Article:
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McDonald's Top US Exec 'McFact-Checks' Social Media Buzz Around $18 Big Macs
Tyler Durden

A top-level McDonald's executive was fed up with social media users complaining about out-of-control 'Mcflation,' more precisely, $18 Big Macs, and wanted to set the record straight. The exec called "viral social posts" about burger inflation "poorly sourced." This comes as the burger chain is preparing to reintroduce the $5 meal deal to retain consumers as failed Bidenomics crushes the working poor, resulting in a price war between other burger chains (read here).

"Recently, we have seen viral social posts and poorly sourced reports that McDonald's has raised prices significantly beyond inflationary rates. This is inaccurate," Joe Erlinger, president of McDonald's USA, wrote in an open letter

Erlinger said, "Americans across the country are making tough calls about where to spend their hard-earned money," adding, "And while we've been working hard to make sure our fans have great reasons to visit us, it's clear that we — together with our franchisees — must remain laser-focused on value and affordability."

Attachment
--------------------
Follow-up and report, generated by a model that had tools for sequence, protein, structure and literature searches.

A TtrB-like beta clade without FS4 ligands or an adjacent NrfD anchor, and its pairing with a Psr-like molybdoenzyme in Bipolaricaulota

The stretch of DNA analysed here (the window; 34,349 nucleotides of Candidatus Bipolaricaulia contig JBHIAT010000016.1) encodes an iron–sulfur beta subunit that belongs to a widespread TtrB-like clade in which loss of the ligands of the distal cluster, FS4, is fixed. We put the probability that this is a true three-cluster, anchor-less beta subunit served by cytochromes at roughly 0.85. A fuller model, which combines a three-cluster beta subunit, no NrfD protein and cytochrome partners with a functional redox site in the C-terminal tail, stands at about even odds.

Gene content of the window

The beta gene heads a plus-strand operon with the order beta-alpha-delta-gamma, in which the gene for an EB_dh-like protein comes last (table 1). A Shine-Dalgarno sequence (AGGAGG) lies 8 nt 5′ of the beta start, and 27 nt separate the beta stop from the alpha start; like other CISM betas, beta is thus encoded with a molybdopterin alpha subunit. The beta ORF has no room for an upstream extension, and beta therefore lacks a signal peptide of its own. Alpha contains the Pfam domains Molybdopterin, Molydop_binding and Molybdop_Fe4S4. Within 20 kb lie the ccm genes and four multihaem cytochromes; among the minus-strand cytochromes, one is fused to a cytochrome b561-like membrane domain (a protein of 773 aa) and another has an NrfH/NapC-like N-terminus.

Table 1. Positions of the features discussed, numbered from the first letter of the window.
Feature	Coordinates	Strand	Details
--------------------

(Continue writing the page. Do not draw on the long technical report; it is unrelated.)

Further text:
Erlinger is addressing these X posts...

"I can tell you that it frustrates and worries me, and many of our franchisees, when I hear about an $18 Big Mac meal being sold," the exec said, adding, "More worrying, though, is when people believe that this is the rule and not the exception, or when folks start to suggest that the prices of a Big Mac have risen 100% since 2019." 

He provides his McFacts...

The average price of a Big Mac in the US was $4.39 in 2019. Despite a global pandemic and historic rises in supply chain costs, wages and other inflationary pressures in the years that followed, the average cost is now $5.29. That's an increase of 21% (not 100%).

Erlinger's open letter comes as reported same-store sales missed Wall Street's expectations in its first-quarter earnings report as low-income consumers pulled back. Beginning June 25, the company will reintroduce a $5 value meal

We suspect Erlinger's open letter alone won't change the perspective working poor consumers have on the burger chain - as prices have risen significantly, not just with food away from home but at home. Also, the failed era of Bidenomics and out-of-control fiscal stealth stimulus risks a reacceleration of inflation.


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